Meet Chandra Sparks Splond, a multi-published author, editor, speaker, blogger, wife and mom, advocate of reading and champion of writers. Today she shares what fuels her love of words and her passion for helping others find joy between the pages (or on reading devices and audio) as well.
In what genre do you write? First, thank you so much for having me, Stacy. I mainly write for the young adult genre, but I have also published a few books for the middle grade and new adult markets.
What is the title of your most recent book? My most recent release is a Christmas short story called Home for the Holidays. It’s about a 15-year-old girl named London Bridges who is dealing with her parents’ divorce over the Christmas school break. She’s bummed because her mother has nixed her plans to visit her father where he now lives in Atlanta. When she finds out her brother, Landon, is going to the mall, she begs to go along—partly from boredom and partly because she has a secret crush on his best friend with whom he’s going. The day ends up unfolding in ways she can never imagine.
What is your primary goal as an author? As a writer, more than anything I want readers to be inspired by my words—whether it’s through my books, my speeches or my blog. I’m also on a mission to get people excited about reading. When I do events around the country, one constant refrain I hear is that reading is boring. I believe people who feel this way just haven’t encountered the right book. I’ve had lots of readers tell me they didn’t like reading until they read one of my books because it reflected their reality. I write the stories I didn’t see when I was growing up, about kids like me and my friends and their issues. This seems to resonate with readers.
What has been the most surprising feedback you’ve received from readers about your current book or another recent title? I think the most surprising feedback is how much a story has impacted readers. As a writer, I often wonder if my words are making a difference, so it always surprises and humbles me when someone gives me validation that they are.
What has been the most surprising aspect of your author journey? The most surprising aspect for me is the way my author journey unfolded. I’ve known that I’ve wanted to write books since I was 14 years old. It wasn’t until after I had my daughter in 2004 that I actually sat down to write a book, though. As a parent, it occurred to me one day that I couldn’t encourage my daughter to pursue her dreams if I had never pursued mine, so I challenged myself to write a book before my daughter turned a year old. I finished my first manuscript a month after her first birthday. Once I did that, I challenged myself to land a book deal before she turned two. I received the offer for my book Spin It Like That two months after her second birthday. What’s interesting is I had actually been hired to ghostwrite Spin It Like That. About halfway through writing the book, the celebrity I had been hired to write it for decided she didn’t want to do a young adult novel. My editor came to me and said, “I think we should just let you publish the book.” It was nothing but God. I was writing a book in the genre I’d always wanted to write in, and instead of waiting the normal year or so for my book to hit the shelves, it came out about six months after I received my official offer. God is just awesome like that.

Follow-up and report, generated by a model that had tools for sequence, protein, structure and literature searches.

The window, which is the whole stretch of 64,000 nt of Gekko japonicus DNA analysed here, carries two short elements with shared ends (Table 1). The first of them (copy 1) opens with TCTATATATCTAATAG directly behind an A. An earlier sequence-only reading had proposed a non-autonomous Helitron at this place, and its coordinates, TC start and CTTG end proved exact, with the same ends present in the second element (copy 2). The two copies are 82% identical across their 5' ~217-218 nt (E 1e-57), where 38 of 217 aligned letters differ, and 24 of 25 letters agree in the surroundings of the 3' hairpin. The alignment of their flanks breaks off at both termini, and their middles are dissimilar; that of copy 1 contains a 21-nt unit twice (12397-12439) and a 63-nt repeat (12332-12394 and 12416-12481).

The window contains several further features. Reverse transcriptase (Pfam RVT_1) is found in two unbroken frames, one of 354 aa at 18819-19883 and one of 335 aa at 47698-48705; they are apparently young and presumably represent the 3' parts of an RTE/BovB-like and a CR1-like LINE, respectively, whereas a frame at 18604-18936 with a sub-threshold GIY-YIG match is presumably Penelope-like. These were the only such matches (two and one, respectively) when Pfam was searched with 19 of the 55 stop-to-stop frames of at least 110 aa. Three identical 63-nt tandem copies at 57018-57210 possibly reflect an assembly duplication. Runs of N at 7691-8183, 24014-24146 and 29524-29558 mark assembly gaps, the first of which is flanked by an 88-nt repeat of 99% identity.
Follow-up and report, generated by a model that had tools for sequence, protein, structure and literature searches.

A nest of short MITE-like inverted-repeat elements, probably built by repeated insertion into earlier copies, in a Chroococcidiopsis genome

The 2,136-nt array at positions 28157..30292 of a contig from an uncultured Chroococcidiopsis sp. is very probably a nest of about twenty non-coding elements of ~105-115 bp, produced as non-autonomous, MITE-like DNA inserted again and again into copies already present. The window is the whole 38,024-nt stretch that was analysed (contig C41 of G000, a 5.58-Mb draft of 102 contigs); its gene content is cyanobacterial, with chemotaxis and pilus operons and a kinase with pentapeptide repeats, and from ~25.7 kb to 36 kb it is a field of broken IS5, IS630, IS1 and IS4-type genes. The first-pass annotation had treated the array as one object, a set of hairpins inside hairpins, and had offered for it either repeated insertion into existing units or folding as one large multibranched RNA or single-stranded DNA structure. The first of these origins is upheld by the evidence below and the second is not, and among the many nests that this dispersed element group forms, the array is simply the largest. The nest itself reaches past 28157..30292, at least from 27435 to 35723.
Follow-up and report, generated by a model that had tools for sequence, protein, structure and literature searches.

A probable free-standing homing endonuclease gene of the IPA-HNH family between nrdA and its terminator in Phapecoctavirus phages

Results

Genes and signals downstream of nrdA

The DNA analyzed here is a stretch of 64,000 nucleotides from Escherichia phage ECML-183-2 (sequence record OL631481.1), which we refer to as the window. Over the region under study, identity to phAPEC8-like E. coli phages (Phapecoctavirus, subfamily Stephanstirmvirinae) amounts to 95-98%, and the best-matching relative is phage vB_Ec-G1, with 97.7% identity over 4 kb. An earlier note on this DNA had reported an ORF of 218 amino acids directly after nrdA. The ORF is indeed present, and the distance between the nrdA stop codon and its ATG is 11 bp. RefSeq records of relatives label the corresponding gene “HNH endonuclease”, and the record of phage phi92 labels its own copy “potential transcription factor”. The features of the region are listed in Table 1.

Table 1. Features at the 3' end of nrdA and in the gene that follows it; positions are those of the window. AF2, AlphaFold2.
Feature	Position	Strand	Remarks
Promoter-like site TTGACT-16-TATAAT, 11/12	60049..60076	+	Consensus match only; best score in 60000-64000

How do you continue growing as a writer? I believe great writers are readers, so I read a lot—mainly via audiobooks these days. Most of the time my reading is for fun, but often it’s for professional and personal development, too. I also do a few webinars or workshops whenever I see something that interests me.
Who are two or three writers you admire or consider mentors? I consider Jacquelin Thomas, Vanessa Davis Griggs and Kimberla Lawson Roby to be mentors—and my friends. Not only are they great storytellers, but they are also Godly women. I’m blessed to have great relationships with all of them.
What else are you passionate about, i.e. if you weren’t an author, what else would you be doing? I’m blessed that my other passion is also my profession. I’ve been an editor for 25 years. I’ve worked in various aspects of publishing, including serving as a copy editor for Good Housekeeping magazine. I was also the consulting editor at Kensington Publishing for BET Books/Arabesque, the African-American romance line. I was the editor for amazing authors like Brenda Jackson, Donna Hill, Leslie Esdaile and Rochelle Alers. I signed quite a few popular romance authors like Angie Daniels, Melanie Schuster and Celeste Norfleet to their first major book deals. I also do freelance editing, and several of my clients, including the late E. Lynn Harris, have made the USA Today, Essence and New York Times bestsellers lists.
What do you like to do for fun? For fun, I love to eat, hang out with my family, craft and plan parties.
Chandra Sparks Splond is an editor, speaker and award-winning author and blogger. She is the owner of West End Publishing, LLC., and was the consulting editor for Arabesque romance at Kensington Publishing. She has also edited for Random House, Moody Publishers, Kimani Press, and Hyperion, as well as several New York Times, USA Today and Essence bestselling authors. She was a copy editor for Good Housekeeping, Newsday and The Morning Call, and has written for Black and Married with Kids, Brides Noir, Weddingpages, and Romantic Times. Visit her at www.chandrasparkssplond.com or on: Facebook – https://www.facebook.com/bookofsplond; Twitter: https://twitter.com/cssplond and Instagram: https://www.instagram.com/chandrasparkssplond/.